GOBankingRates

The Upper Class Has Taken Over These 15 Cities

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    The gap between the middle and upper class appears to be shrinking. This might seem surprising as nearly 70% of Americans identified as middle class in a Northwestern Mutual 2018 Planning & Progress study. Perhaps it’s because there is considerable income disparity across the country’s most popular cities.

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    A recent Bloomberg analysis looked at income distribution across U.S. cities, and it painted an interesting picture regarding strong, albeit uneven, economic growth. With the middle class shrinking, this might mean a shift for the lower- and upper-income tiers. This could be the case for certain cities’ growth, especially ones fueled by industries on the rise, based on current economic trends. And it seems as if the upper class might be congregating in certain areas of the country.

    GOBankingRates looked at all 287 United States cities with above 40,000 households, as sourced from the 2019 American Community Survey, in order to find the 15 cities where the upper class has taken over. All data was compiled on and up to date as of February 24, 2021.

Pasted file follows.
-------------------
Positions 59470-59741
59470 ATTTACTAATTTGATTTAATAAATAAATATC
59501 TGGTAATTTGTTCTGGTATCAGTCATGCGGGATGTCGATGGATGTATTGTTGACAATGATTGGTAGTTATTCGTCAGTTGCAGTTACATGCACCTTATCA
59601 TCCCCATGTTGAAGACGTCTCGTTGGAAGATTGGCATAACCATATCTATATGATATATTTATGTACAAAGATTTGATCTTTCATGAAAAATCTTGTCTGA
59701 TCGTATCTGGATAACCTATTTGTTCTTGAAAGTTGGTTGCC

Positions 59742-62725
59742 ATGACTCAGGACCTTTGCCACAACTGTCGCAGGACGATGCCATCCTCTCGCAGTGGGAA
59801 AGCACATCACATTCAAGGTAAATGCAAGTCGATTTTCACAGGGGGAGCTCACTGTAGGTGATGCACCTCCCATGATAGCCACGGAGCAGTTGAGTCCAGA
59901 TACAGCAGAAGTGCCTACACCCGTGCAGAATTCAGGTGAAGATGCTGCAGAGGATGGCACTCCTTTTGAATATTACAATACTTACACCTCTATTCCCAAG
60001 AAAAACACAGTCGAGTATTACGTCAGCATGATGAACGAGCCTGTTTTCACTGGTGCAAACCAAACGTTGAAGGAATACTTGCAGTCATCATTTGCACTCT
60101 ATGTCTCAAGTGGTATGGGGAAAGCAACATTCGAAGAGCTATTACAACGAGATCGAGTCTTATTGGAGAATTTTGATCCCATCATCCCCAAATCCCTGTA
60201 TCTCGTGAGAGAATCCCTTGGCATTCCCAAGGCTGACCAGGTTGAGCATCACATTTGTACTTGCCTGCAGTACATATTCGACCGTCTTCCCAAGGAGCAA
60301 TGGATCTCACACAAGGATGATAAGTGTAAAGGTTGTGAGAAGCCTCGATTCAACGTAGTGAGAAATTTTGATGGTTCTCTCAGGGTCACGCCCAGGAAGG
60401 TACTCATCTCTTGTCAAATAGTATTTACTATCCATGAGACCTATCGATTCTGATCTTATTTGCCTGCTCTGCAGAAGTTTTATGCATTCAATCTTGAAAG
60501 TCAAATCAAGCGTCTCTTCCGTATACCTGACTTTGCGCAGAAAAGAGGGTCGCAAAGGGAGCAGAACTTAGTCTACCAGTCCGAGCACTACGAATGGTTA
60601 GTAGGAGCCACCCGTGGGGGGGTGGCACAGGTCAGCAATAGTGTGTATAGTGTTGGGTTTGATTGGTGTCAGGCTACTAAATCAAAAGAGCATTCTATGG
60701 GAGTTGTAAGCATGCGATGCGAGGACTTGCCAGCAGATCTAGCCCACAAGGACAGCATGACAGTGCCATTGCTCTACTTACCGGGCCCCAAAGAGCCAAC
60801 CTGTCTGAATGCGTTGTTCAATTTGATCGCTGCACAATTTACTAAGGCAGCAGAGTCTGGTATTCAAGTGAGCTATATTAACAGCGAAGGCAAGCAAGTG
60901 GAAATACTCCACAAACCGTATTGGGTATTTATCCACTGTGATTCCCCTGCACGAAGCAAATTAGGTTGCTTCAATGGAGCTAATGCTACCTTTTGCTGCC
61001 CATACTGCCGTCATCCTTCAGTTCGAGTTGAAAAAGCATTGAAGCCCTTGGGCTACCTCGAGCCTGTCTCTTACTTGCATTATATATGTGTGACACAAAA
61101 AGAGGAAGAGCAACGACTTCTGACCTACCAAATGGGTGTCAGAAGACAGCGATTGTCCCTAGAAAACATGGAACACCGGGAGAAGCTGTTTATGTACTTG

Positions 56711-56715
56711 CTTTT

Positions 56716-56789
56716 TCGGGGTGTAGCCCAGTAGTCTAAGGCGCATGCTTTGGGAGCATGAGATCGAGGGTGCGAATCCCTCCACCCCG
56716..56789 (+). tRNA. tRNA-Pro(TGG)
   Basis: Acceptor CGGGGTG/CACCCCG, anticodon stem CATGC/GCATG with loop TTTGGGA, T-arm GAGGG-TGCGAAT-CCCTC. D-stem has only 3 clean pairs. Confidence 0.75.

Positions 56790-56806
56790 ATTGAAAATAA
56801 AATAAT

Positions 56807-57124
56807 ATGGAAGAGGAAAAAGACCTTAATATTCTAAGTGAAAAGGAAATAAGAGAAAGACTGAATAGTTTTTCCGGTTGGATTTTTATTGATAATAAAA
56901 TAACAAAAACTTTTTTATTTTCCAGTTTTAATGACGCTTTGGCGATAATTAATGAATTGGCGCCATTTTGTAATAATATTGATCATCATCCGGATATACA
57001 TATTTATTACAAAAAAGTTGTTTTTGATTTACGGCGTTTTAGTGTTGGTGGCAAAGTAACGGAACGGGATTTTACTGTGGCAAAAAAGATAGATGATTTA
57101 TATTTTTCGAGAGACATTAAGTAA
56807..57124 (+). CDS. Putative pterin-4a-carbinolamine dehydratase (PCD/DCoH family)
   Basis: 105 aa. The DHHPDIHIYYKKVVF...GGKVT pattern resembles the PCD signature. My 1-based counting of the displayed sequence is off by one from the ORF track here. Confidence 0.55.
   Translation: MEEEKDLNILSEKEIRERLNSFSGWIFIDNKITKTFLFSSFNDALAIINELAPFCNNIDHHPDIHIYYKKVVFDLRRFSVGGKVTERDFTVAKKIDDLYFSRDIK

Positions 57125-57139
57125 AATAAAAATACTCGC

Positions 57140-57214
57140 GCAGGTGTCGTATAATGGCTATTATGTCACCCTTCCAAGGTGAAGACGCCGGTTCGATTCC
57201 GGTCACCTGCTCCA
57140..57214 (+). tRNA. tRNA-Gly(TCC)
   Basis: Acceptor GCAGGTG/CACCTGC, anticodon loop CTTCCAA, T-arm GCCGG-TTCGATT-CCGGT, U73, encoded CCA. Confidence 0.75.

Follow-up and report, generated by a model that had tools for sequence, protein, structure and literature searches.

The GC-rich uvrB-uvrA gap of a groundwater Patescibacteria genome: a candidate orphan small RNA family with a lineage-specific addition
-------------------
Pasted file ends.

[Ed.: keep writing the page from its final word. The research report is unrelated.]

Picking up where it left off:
See: What Is Considered Middle-Class Income?

    Some of America’s richest cities are in California, so it probably isn’t a surprise that four of the locales on this study’s list come from the Golden State. Well-known cities in Colorado and Massachusetts also show up several times, as well as Washington and Texas.

    Check out which cities across America have the most upper-class residents.

    Last updated: Sept. 2, 2021

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    Hayward, California

    • Total households in 2019: 47,666
    • Upper-class households in 2014: 28.2%
    • Upper-class households in 2019: 42.5%
    • 5-year change in upper-class households: 50.71%

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    Portland, Oregon

    • Total households in 2018: 264,718
    • Upper-class households in 2013: 23.3%
    • Upper-class households in 2018: 34.6%
    • 5-year change in upper-class households: 48.5%

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    Oakland, California

    • Total households in 2018: 162,419
    • Upper-class households in 2013: 26.2%
    • Upper-class households in 2018: 37.9%
    • 5-year change in upper-class households: 44.66%

    Learn More: 25 Cities Where the Middle Class Is Thriving

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    Denver, Colorado

    • Total households in 2018: 301,501
    • Upper-class households in 2013: 23.6%
    • Upper-class households in 2018: 33.8%
    • 5-year change in upper-class households: 43.22%

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    Austin, Texas

    • Total households in 2018: 380,392
    • Upper-class households in 2013: 24.9%
    • Upper-class households in 2018: 35.6%
    • 5-year change in upper-class households: 42.97%

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    Kent, Washington

    • Total households in 2018: 44,030
    • Upper-class households in 2013: 24.4%
    • Upper-class households in 2018: 34.6%
    • 5-year change in upper-class households: 41.8%
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    Santa Rosa, California

    • Total households in 2018: 66,319